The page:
Upcoming Solar Years … Can They Be Too Quiet?




Most of us LF/MF and topband diehards have been looking forward to the next several years of low solar activity ... maybe even 'ultra-low' as some of the solar gurus are predicting.

An interesting posting on the Topband reflector a few weeks ago by noted propagation expert, Carl, K9LA, made me re-think my expectations!

I flagged the post for a later blog topic but have since seen the information pop-up on a couple of other reflectors as well as on the ARRL News page. Apparently I wasn't the only one to give the posting a double-take. If you missed it, here is Carl's post:

About a week ago Wolf DF2PY posted a message here commenting on the recent adverse levels of geomagnetic field activity and how it will now change for the good - giving us good 160m propagation.

We'll certainly see less geomagnetic field activity as we move into winter,
but there's another issue we should be aware of. The Sun's magnetic field
is weakening - probably to the lowest levels in our lifetime. With a weak
solar magnetic field, more galactic cosmic rays will be able to get into
the Earth's atmosphere. We are now seeing unprecedented high neutron counts (neutrons are one of the by-products of cosmic rays)

Since galactic cosmic rays are mostly *very energetic* protons, they can
get down to low atmospheric altitudes, causing collisional ionization in
the D region (and lower E region). A cursory estimate using cosmic ray
ionization rates confirms more ionization in the lower atmosphere. 160m is
not very tolerant of more absorption, so we may see an adverse effect of
the weakened solar magnetic field.

Many of us think that "solar min is solar min is solar min". But maybe a
solar minimum can be too deep for 160m. A good question to ask in the early 2020s will be "how was 160m?" So stay active on 160m and let's see what happens.

Carl K9LA

My initial response was to think that perhaps there wouldn't be as much to look forward to as I had been hoping for, when it came to improved LF, MF and 160m propagation. Carl's postulation was also backed-up by another mention on the Spaceweather site, although the influence of cosmic ray bombardment on radio propagation was not discussed.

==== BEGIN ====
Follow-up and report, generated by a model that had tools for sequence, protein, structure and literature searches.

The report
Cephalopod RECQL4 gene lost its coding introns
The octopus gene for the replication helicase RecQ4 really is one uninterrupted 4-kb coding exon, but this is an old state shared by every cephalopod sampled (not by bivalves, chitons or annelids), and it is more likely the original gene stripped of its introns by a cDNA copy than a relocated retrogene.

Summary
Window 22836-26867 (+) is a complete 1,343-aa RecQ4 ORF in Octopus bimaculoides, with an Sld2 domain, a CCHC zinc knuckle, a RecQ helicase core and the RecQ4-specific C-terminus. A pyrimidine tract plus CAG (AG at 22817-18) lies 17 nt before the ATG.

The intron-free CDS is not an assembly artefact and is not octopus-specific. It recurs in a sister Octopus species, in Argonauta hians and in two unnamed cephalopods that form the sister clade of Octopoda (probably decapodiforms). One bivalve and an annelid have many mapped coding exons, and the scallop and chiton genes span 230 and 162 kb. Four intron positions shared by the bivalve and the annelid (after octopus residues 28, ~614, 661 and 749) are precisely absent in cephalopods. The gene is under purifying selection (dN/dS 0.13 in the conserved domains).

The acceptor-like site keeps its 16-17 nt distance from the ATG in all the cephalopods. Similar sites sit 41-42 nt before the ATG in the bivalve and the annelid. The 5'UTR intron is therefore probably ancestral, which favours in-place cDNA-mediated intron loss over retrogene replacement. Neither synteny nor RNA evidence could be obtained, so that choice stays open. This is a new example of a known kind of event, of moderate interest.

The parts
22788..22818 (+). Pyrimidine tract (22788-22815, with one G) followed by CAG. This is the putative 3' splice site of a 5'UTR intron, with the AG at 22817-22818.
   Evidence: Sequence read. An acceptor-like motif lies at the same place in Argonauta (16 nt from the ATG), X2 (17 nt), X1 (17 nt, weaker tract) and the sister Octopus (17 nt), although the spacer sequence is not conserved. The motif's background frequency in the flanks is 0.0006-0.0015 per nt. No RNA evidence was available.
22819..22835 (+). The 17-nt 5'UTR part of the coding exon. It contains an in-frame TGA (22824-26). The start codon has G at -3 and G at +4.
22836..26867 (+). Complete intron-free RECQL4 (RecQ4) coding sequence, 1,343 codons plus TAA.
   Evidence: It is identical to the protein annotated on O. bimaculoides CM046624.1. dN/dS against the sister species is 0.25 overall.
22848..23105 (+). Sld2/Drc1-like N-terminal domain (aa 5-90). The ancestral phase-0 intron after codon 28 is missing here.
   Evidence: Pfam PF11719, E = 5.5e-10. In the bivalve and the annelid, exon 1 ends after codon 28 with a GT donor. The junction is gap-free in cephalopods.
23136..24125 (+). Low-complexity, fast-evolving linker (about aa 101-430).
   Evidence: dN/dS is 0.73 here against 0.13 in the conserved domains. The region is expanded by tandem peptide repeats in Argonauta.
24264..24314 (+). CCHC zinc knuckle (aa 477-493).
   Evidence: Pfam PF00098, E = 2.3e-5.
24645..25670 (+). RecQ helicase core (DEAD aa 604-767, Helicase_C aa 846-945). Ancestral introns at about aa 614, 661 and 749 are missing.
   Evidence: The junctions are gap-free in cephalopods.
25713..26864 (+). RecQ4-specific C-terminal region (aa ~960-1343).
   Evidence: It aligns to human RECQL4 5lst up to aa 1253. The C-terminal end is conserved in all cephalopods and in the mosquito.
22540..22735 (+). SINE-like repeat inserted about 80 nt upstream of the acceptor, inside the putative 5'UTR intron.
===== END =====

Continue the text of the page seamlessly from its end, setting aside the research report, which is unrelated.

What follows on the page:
As I thought more about this unfortunate possibility actually coming to pass, I thought back to my own on-air and listening experiences during previous solar-low years ... particularly the unprecedented low between our most recent cycle and its predecessor, Cycle 23.


The low period between these two cycles, as most will likely recall, saw the quietest solar conditions observed in the past 100 years. The solar-low winters saw week after week of a blank Sun, with solar activity virtually flatlining for the entire period. In 2008 there were 265 'zero sunspot' days and the following year saw another 262 days of blank suns!


These effects were well noted here for two winters that are usually prime 'DX times' ... if ever there were a period when cosmic ray bombardment should negatively impact low frequency propagation, surely it would have been then.

So just what did I observe?

What I saw was not only what I had been expecting but was much much better than I had ever believed possible. For west coast topband operators, the 'holy grail' of propagation is working Europe. Working Europe from here means that signals must travel through the polar regions, usually the kiss-of- death for weak signals, as the severe attenuation through the auroral zone means that it just doesn't happen very often ... except for this prolonged period of ultra lows. In a word, conditions to Europe were 'spectacular' ... night-after-night, for several weeks over a period of two winters, working Europe on 160 became normal.